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BY ROBIN GINER
We’re in the midst of the deadline crunch … The first couple months of the year end up being a list of one deadline after another for OWAA members.
I hope you took advantage of entering your best work in the 2012 Excellence In Craft contests — Feb. 1 was the cut-off to get your entries submitted. The electronic format was more fully embraced by members this year – partly because of further refinement to the rules, partly because of a better submission system put together by OWAA staff. While the rules will be a work in progress over the next couple of years to get them honed to perfection (or near perfection, as the case may be), I think we’re clearly on the right path to the EIC contests being a lean and mean competition that offers enough opportunities for members to win, without being overwhelming. If you didn’t enter this year’s contest, I hope you’ll be keeping track of your best work for next year.
Feb. 1 was also the early bird deadline for conference registration. Folks are taking our advice and registering early; even if you missed the early bird cut off, there’s still plenty of time to register. This is proving to be a popular conference locale, despite the remoteness. As of Jan. 31, 80 people have registered. Perhaps that remoteness is part of the draw. Speaking of “draw” — we’ll be drawing the winner for the bison hunt on Kodiak Island on Feb. 2, keep an eye on your inbox for that announcement coming soon!
One upcoming deadline includes the March 1 cutoff to enter your application for the Madson Fellowship. Fellowship funds can be used for any number of continuing education opportunities from Goldenrod to OWAA’s annual conference, or workshops and institutes held around the country by other writers groups and universities. Application details are at https://owaa.org/programs/scholarships-fellowships/madson-fellowship/.
Not sure if it’s worth your time to apply for the Madson Fellowship? Well, last year only five applications were submitted. So the odds may very well be in your favor!
We’re going to give the Goldenrod Writing Workshop a go again this year, and the Madson Fellowship is a way to help defer those costs, allowing you to enjoy a truly rewarding experience in western Montana this July. The dates for the 2012 Goldenrod Workshop are July 22-28, and it will be held at the University of Montana here in Missoula. Sign up by June 1 to secure your spot. Registration includes room and board, plus a full week of intensive instruction in outdoor communications. If you know of an outlet for us to market the workshop, please let us know. It’s open to OWAA members and non-members alike.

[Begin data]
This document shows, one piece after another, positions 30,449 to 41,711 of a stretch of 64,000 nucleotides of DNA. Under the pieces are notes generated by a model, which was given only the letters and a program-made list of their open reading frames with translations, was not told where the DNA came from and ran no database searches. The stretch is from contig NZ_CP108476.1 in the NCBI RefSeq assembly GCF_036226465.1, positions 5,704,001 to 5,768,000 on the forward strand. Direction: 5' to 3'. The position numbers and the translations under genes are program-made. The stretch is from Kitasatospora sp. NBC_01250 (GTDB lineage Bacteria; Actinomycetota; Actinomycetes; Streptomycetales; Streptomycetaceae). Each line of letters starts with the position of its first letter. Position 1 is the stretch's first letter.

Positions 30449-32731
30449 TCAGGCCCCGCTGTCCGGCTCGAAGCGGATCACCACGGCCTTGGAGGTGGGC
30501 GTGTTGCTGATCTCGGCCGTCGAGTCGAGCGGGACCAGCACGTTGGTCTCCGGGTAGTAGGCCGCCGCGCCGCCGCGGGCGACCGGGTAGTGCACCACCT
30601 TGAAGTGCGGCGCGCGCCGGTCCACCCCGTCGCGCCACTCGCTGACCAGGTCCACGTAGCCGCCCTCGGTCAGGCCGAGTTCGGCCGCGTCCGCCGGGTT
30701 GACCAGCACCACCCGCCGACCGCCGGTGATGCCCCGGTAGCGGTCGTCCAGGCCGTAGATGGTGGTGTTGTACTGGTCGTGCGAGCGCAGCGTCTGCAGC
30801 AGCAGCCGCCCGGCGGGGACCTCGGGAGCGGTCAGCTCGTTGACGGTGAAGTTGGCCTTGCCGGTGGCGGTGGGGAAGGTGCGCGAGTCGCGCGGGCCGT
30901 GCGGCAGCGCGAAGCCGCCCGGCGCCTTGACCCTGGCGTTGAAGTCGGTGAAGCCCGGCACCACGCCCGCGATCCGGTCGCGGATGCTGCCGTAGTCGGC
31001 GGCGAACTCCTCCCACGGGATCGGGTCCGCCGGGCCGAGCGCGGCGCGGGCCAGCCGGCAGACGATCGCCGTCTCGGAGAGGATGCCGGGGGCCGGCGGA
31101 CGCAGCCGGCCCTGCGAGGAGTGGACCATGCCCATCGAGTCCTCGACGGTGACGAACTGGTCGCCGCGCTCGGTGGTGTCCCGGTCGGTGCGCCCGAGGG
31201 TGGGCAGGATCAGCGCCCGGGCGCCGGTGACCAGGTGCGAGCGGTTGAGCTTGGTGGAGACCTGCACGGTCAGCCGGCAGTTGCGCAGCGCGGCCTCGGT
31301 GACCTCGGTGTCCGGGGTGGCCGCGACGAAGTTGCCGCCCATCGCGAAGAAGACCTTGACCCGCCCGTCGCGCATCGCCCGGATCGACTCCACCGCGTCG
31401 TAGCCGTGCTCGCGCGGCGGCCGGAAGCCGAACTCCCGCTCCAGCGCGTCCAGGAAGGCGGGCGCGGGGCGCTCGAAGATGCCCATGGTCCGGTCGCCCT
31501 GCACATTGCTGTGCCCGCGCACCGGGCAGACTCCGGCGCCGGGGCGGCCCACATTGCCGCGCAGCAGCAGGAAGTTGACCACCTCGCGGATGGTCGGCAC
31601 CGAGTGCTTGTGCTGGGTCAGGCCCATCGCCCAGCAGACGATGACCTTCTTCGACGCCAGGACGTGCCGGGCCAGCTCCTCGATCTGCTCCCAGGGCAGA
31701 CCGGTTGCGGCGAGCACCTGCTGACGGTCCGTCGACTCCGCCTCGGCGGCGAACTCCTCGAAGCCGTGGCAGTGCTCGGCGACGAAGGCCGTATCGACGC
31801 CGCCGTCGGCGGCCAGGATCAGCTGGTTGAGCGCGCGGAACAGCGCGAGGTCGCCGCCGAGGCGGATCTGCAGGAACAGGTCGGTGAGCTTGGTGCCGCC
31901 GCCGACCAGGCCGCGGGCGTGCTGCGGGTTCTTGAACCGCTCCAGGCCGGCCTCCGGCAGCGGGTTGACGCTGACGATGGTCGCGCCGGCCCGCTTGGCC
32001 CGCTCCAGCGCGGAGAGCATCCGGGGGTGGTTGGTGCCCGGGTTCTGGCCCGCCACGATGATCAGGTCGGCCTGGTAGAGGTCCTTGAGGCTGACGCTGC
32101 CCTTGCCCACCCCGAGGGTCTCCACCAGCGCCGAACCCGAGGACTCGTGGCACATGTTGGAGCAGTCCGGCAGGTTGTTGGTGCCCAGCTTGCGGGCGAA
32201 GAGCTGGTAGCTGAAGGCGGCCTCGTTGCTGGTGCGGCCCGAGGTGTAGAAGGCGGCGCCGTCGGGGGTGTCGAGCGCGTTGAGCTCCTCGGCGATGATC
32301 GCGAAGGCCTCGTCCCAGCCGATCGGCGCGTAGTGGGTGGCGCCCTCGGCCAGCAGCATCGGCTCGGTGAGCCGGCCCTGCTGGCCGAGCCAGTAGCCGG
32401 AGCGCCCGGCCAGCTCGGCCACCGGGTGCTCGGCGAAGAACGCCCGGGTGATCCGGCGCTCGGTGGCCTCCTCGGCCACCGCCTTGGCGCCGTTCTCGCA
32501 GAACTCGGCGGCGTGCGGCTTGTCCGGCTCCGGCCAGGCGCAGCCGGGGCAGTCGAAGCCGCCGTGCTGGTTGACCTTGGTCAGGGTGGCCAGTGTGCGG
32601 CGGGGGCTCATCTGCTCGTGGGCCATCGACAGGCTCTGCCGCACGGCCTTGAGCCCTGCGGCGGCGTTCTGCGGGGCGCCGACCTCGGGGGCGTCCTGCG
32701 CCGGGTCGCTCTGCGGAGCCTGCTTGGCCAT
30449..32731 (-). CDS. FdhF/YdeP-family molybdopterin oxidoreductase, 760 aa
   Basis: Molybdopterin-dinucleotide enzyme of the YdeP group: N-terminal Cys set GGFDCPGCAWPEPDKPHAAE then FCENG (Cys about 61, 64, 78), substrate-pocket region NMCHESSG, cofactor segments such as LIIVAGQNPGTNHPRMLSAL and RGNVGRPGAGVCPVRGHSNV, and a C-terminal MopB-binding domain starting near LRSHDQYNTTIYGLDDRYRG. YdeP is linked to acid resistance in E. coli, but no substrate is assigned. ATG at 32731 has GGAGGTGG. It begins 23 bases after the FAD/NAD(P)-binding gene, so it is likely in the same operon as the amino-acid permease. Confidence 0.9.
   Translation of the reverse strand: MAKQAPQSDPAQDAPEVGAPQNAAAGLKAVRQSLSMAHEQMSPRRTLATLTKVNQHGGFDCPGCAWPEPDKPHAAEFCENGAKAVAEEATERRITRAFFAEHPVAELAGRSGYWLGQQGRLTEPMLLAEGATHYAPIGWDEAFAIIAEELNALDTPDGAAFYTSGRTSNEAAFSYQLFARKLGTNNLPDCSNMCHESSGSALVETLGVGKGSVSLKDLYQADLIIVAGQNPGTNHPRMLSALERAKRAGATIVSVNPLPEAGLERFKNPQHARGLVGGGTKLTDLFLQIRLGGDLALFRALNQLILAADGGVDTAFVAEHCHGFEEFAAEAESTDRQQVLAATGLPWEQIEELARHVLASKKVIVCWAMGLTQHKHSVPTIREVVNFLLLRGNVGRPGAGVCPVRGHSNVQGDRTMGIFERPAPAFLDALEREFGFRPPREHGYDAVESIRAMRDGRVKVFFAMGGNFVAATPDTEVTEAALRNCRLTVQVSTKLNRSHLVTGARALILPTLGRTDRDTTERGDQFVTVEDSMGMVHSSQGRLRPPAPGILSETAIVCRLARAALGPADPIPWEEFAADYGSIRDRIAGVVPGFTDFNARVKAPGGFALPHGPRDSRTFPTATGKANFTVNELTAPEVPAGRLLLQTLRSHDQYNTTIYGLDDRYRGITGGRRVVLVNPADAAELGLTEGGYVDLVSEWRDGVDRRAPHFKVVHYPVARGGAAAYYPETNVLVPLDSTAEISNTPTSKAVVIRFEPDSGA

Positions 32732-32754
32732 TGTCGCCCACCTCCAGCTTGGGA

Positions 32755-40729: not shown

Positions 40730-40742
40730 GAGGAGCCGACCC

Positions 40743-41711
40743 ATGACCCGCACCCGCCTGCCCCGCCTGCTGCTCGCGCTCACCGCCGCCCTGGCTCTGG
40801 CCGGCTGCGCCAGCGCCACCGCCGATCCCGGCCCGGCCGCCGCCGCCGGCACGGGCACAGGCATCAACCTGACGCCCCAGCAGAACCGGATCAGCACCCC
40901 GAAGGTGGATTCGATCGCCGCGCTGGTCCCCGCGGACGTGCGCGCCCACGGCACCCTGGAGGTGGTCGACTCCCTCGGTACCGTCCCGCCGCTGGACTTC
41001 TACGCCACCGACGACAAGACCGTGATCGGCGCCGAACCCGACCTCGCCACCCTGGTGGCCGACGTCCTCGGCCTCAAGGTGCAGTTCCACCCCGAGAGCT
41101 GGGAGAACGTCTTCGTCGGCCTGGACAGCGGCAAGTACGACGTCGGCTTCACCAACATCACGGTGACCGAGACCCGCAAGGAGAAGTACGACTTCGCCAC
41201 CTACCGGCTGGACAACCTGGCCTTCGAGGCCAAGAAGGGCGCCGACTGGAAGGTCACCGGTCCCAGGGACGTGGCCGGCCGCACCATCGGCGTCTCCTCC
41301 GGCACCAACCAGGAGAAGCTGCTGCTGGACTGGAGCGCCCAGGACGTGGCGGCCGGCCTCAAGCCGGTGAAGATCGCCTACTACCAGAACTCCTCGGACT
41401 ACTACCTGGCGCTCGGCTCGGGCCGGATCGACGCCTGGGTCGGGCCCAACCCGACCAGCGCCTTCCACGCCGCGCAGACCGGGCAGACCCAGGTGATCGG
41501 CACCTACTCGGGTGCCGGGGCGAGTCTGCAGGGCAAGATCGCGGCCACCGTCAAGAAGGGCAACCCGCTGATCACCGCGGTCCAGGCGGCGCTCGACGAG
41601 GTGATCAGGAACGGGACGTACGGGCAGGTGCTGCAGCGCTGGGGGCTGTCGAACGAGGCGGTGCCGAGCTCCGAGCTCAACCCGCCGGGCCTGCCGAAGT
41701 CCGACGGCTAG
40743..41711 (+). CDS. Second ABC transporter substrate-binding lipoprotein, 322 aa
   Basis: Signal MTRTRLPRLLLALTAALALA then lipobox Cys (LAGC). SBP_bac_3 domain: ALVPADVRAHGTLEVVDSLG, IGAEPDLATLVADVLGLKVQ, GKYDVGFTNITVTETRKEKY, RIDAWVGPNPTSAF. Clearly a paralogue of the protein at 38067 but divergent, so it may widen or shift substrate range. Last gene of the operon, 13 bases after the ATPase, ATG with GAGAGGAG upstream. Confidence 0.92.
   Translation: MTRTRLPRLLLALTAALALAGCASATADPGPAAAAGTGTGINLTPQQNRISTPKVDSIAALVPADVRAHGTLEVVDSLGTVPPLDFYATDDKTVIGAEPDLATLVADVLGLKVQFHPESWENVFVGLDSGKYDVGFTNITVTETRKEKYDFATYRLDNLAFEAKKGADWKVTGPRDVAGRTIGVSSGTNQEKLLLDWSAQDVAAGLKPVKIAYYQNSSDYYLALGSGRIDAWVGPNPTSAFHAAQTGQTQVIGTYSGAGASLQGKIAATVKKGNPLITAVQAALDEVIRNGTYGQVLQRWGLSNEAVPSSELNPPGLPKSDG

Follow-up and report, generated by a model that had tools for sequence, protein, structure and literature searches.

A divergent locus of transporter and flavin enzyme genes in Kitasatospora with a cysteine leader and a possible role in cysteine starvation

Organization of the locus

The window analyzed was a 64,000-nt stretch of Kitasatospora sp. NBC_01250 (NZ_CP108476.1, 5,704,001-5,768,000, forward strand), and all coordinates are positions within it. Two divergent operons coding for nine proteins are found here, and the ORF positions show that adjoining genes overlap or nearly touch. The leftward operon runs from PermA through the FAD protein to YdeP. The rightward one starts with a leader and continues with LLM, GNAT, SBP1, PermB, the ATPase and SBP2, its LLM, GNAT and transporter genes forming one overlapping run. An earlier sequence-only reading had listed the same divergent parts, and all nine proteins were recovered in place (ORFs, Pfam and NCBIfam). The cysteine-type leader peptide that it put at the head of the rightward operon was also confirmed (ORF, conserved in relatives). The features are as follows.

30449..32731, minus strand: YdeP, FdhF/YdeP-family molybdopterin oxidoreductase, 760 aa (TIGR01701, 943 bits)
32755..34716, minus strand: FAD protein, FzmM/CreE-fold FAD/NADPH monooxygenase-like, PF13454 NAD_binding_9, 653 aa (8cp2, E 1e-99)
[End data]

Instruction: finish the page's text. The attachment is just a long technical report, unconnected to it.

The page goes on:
Also, if you’ve not been to Goldenrod before, we will defer $75 of your annual dues toward the price of registration. If you’re not able to join us in Alaska, this is an opportunity to network with other outdoor writers, improve your skills and revel in America’s “Last Best Place.” Contact OWAA headquarters for more details.
Do you have a son or daughter who’s following in your footsteps? March 1 is also the deadline for college students to apply for the McDowell Scholarship. We have roughly $16,000 to award to students of outdoor communications fields including print, photography, film, art or broadcasting. Students must of graduate-level or entering their junior or senior year of undergraduate study in the 2012-13 school year. Application info can be found at https://owaa.org/programs/scholarships-fellowships/bodie-mcdowell-scholarship/.
If your youngsters are not yet of college age, don’t overlook the Norm Strung Youth Writing Awards. If they had a story or poem printed in a newspaper, newsletter or other publication in 2011, they’re eligible to enter that piece in the 2012 Norm Strung competition. You can enter work on behalf of other students if your publication printed their stories last year, too. Entry deadline is March 16. You can find the full list of rules on our website at www.owaa.org/programs/contests/norm-strung-youth-writing-awards/. With the generous support of the Safari Club International Foundation, OWAA has $1,700 to award to budding outdoor writers in grades 6-12.
These are just a few of the ways that OWAA serves the outdoor writing community, regardless of age or skill level. If you’re not able to take advantage of these opportunities this year, please keep them in mind for the future. It’s programs like these, along with the long list of member benefits, that sets OWAA apart from other writers groups. We’re working hard to strengthen our community, improve opportunities and increase your skills so you can be the best at what you do. ♦
— OWAA Executive Director Robin Giner, email@example.com